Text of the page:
The EU Commission wants to introduce a kerosene tax for flights within Europe. The existing exemption for the aviation industry from the fuel tax is to be phased out over a period of ten years, as the Brussels authority announced. Private business flights and freight traffic should therefore continue to be exempt from taxation. In addition, Brussels is aiming to introduce an import tax on climate-damaging products from third countries from 2026. From 2023 onwards, a transition phase is planned so that companies can adjust to the innovation, the commission said. Subsequently, importers of steel, aluminum, cement and fertilizers will have to buy CO2 certificates according to the climate-damaging nature of their imports.

This is to protect companies in the EU from competition from abroad whose production is not subject to the same climate regulations as in the European Union - the focus is on countries like Russia and China. A few hours before the Brussels plans were announced, the People's Republic announced that it intends to start an emissions trading system (ETS) this month. Trading in CO2 certificates is an important instrument for climate protection.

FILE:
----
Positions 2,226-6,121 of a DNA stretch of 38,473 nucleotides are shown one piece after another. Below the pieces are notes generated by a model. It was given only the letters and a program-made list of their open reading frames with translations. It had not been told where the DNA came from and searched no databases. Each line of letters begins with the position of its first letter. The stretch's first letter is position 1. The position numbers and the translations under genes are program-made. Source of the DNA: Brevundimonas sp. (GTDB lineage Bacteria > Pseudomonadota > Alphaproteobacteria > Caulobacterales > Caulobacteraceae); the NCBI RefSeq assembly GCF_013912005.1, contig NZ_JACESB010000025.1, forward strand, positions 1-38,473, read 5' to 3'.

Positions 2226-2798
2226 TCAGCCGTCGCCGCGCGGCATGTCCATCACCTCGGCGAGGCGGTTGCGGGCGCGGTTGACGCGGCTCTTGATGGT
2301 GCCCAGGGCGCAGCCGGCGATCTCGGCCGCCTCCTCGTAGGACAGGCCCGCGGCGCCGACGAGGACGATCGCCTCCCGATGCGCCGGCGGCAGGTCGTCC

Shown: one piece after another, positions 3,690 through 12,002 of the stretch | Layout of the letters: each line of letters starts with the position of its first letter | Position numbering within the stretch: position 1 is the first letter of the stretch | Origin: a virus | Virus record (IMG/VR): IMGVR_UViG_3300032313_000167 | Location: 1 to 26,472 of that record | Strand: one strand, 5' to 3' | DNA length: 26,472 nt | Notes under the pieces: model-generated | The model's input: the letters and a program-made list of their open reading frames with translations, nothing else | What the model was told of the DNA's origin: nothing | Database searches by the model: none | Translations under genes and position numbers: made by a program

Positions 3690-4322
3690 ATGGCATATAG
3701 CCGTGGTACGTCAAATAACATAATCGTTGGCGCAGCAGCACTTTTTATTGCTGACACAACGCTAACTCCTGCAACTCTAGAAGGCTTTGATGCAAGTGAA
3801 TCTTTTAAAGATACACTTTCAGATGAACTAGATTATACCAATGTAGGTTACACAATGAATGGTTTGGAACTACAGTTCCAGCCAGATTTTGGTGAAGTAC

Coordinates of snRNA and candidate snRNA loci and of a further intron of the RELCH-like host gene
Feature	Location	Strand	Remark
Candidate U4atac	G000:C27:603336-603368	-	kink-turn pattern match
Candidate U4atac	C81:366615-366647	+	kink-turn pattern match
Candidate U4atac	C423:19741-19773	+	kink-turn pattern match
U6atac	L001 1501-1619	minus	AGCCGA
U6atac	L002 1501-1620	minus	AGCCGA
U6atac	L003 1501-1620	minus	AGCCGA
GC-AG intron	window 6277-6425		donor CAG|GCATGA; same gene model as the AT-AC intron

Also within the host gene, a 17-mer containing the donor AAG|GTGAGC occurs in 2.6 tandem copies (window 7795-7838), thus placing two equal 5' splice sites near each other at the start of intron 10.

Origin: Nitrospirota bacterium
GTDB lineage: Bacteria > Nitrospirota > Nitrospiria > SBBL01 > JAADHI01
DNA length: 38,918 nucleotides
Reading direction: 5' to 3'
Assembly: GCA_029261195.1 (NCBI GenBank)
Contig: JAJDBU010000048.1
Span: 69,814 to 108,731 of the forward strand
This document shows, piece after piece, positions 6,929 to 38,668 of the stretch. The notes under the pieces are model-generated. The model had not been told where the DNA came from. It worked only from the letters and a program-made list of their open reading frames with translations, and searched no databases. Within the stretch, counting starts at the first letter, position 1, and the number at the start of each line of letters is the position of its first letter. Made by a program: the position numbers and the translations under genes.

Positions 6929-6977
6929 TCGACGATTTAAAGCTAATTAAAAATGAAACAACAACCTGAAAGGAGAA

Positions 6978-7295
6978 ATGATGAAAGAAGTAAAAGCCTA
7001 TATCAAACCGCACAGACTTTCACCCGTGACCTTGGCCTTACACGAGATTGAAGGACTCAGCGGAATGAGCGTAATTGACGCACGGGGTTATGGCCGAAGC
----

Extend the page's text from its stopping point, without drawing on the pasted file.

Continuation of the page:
In addition, as previously reported by the FAZ, the commissioners have spoken out on a ban on the sale of new cars with internal combustion engines from 2035. By then, the entire new vehicle fleet in the EU should no longer emit any greenhouse gases. According to the current state of technology, this can only be achieved by pure electric cars. The Commission is also raising the intermediate goal on the way to greenhouse gas neutrality of the new vehicle fleet: According to current EU guidelines, a group's vehicle fleet may only emit an average of 95 grams of carbon dioxide (CO2) per kilometer; by 2025, a further 15 should be reduced by 2025 Percent and by 2030 by 37.5 percent. According to the new proposal of the EU Commission, the value for cars should now fall by 55 percent by 2030 and for delivery vans by 50 percent.

At the same time, according to the commission, the expansion of the charging infrastructure is to be promoted. By the end of last year, there were around 260,000 publicly accessible charging points in the 27 member states of the European Union - more than two thirds of them in the three countries of the Netherlands, France and Germany alone. The aim now is to have charging points at least 60 kilometers apart along the most important roads.